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on 19 January 1999
Ms. Sidhwa does a wonderful job of presenting the tensions that exist to this day on the indian subcontinent. I do however feel that she doesn't aptly portray the lives of poor or middle class indians. Probably because the minute percentage that make up the ruling and wealthy classes on the subcontinent are out of touch with the reality that exists in their own country. The only poor people they know are their servants (often unpaid child labor from their tenant farmer's families) and its not like they bother to sit down to tea and ask about their day.
While I saw a previous review that accused Ms. Sidhwa of being racist and inaccurate, I have to disagree. During the time of the partition there were murderers on ALL sides. Muslims slaughtered Hindus...Hindus slaughtered Muslims. While each side bickered about who attacked first, thousands continued to be murdered. I feel Ms. Sidwha presents the both sides impartially.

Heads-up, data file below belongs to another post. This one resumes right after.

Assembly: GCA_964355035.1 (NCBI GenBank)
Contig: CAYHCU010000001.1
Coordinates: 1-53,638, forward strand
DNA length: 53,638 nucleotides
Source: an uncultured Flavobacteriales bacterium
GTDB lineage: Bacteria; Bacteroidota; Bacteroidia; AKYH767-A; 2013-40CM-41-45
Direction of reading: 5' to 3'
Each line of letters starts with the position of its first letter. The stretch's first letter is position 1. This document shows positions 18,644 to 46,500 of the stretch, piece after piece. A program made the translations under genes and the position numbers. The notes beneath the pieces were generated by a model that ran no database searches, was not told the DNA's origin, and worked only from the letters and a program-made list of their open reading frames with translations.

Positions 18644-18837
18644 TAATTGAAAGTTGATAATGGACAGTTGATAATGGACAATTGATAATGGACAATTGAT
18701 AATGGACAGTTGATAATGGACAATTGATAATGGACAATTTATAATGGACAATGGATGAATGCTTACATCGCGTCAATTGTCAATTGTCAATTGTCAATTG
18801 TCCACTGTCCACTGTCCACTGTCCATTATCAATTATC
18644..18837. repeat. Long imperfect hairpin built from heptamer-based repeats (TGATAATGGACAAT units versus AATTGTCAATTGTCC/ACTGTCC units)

If only the murders of 1947 could be isolated incidents, but they are not. There is an aftermath that follows such brutal acts. Take for example Nusreen, a woman from a middle class muslim punjabi family. In 1947 she, her two sisters, two brothers, parents and cousins were forced to flee their village because hindu raiders had come to kill all muslims. They didn't have time to pack belongings or take their savings. While migrating to Pakistan her brothers were murdered, leaving the family with nothing for dowries, no means to provide such, and only an old feeble father. As a result she and her sisters were forced into marriages far beneath where they would have been arranged. While Nusreen and her sisters were beautiful young women, respectable and mannered, they were married to brothers who were considered the village bullies. It was the only match that could be obtained without dowries. While that may be a tragedy, and her life was difficult, her influence affected all of her children in positive ways. Her husband may have been a lowly dude wallah but her sons grew up to be doctors, engineers, lawyers. Nusreen, a poor village woman in the punjab and also my mother-in-law, is a woman for whom I have the greatest respect and love.